Seeing No Demand, Agency Denies LNG Terminal Permit
On Friday, the Federal Energy Regulatory Commission (FERC) denied two firms associated with natural gas companies Williams and Veresen the permission to use eminent domain for constructing a pipeline and an LNG export terminal at Coos Bay, Oregon.
FERC emphasized that the pipeline's proposed operator, Pacific Connector, had not shown a market for its service, and in an “absence of a demonstrated need for the pipeline,” the commission denied the firm’s request.
The Commission's guidelines require applicants to provide evidence of demand for their product, including, among other possible forms, the existence of long-term service agreements or precedent agreements with clients. It said that it had repeatedly asked for evidence in this format and had not received it.
“We find the generalized allegations of need proffered by Pacific Connector do not outweigh the potential for adverse impact on landowners and communities,” the agency concluded.
Further, since partner firm Jordan Cove’s proposed LNG terminal couldn't operate without the pipeline's gas, the commission determined that “authorizing its construction would be inconsistent with the public interest.”
FERC dismissed environmental groups' requests for hearings on the project as moot, given that it had already denied permission to build on other grounds.
It left the door open to a reconsideration of the pipeline if Jordan Cove and Pacific Connector could show a market for their product.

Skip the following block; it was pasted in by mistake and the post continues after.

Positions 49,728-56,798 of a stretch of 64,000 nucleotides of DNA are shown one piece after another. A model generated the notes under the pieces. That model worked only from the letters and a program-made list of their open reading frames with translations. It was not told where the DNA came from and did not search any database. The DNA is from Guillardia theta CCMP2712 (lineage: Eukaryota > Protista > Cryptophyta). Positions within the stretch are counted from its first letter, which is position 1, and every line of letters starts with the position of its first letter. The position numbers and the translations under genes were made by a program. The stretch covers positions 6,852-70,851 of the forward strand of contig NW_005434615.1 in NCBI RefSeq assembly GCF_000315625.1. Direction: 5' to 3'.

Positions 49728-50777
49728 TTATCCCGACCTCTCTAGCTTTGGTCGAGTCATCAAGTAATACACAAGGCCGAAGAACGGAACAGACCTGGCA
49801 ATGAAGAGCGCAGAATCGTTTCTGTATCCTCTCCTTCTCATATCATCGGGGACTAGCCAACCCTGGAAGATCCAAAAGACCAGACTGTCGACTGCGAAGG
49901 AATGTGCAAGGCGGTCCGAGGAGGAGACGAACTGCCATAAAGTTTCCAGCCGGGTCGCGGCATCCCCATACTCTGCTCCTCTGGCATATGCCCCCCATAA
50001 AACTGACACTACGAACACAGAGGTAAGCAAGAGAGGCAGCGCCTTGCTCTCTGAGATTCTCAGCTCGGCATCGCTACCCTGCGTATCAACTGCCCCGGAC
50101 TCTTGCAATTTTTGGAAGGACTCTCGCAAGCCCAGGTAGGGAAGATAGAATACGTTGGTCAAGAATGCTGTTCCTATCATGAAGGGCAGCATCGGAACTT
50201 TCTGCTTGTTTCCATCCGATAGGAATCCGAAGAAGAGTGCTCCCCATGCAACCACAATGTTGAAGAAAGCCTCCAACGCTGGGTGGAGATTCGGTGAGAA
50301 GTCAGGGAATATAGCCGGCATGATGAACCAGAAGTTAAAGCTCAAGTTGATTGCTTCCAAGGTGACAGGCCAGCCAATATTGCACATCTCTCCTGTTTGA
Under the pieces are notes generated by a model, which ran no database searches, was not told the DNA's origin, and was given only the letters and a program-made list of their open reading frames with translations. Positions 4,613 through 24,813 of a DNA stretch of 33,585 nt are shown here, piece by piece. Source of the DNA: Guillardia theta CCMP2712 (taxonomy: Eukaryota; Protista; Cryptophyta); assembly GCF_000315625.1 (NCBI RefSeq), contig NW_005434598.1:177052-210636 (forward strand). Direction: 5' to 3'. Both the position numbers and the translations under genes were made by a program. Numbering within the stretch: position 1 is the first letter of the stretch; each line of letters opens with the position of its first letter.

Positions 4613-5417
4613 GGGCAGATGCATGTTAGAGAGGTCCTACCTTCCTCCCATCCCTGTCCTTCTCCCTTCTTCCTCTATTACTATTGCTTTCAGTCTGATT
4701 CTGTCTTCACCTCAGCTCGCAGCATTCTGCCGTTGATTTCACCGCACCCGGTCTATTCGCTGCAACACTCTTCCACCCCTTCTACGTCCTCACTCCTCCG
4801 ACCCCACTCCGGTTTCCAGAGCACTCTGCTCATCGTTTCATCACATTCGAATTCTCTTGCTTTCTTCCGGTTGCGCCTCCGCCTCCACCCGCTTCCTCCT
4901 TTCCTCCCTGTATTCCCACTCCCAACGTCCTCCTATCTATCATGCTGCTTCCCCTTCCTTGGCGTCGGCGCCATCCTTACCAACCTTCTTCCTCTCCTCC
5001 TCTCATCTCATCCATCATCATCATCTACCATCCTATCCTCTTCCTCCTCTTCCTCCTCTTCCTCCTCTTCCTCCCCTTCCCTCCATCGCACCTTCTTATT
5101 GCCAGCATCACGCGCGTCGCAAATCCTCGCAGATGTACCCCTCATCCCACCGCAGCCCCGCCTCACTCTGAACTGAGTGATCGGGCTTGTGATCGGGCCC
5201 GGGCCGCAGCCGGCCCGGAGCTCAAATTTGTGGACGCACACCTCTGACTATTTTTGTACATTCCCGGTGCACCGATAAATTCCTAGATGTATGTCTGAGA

If FERC's permission had been granted, Pacific Connector would have had the ability to start eminent domain proceedings to acquire right-of-way to build the line over private land.
"Clearly, we are extremely surprised and disappointed by the FERC decision," said Don Althoff, President and CEO of Veresen, Jordan Cove's owner. "The FERC appears to be concerned that we have not yet demonstrated sufficient commercial support for the projects. We will continue to advance negotiations with customers to address this concern."
Jordan Cove LNG and Pacific Connector will file a request for a rehearing, a spokeswoman for Veresen said.
Regarding the potential for commercial support, she said that while global LNG markets are challenging, the firm believes its proposal would be cost-competitive with Gulf Coast export facilities. “We are not able to comment on the identity of our potential customers as they are confidential at this time. Broadly speaking, we are in negotiations with Asian customers,” she said.
The Pacific Northwest’s “thin green line” of opposition to fossil fuel exports, including Columbia Riverkeeper, Cascadia Wildlands and the local affiliate of climate action network 350.org claimed victory in the decision.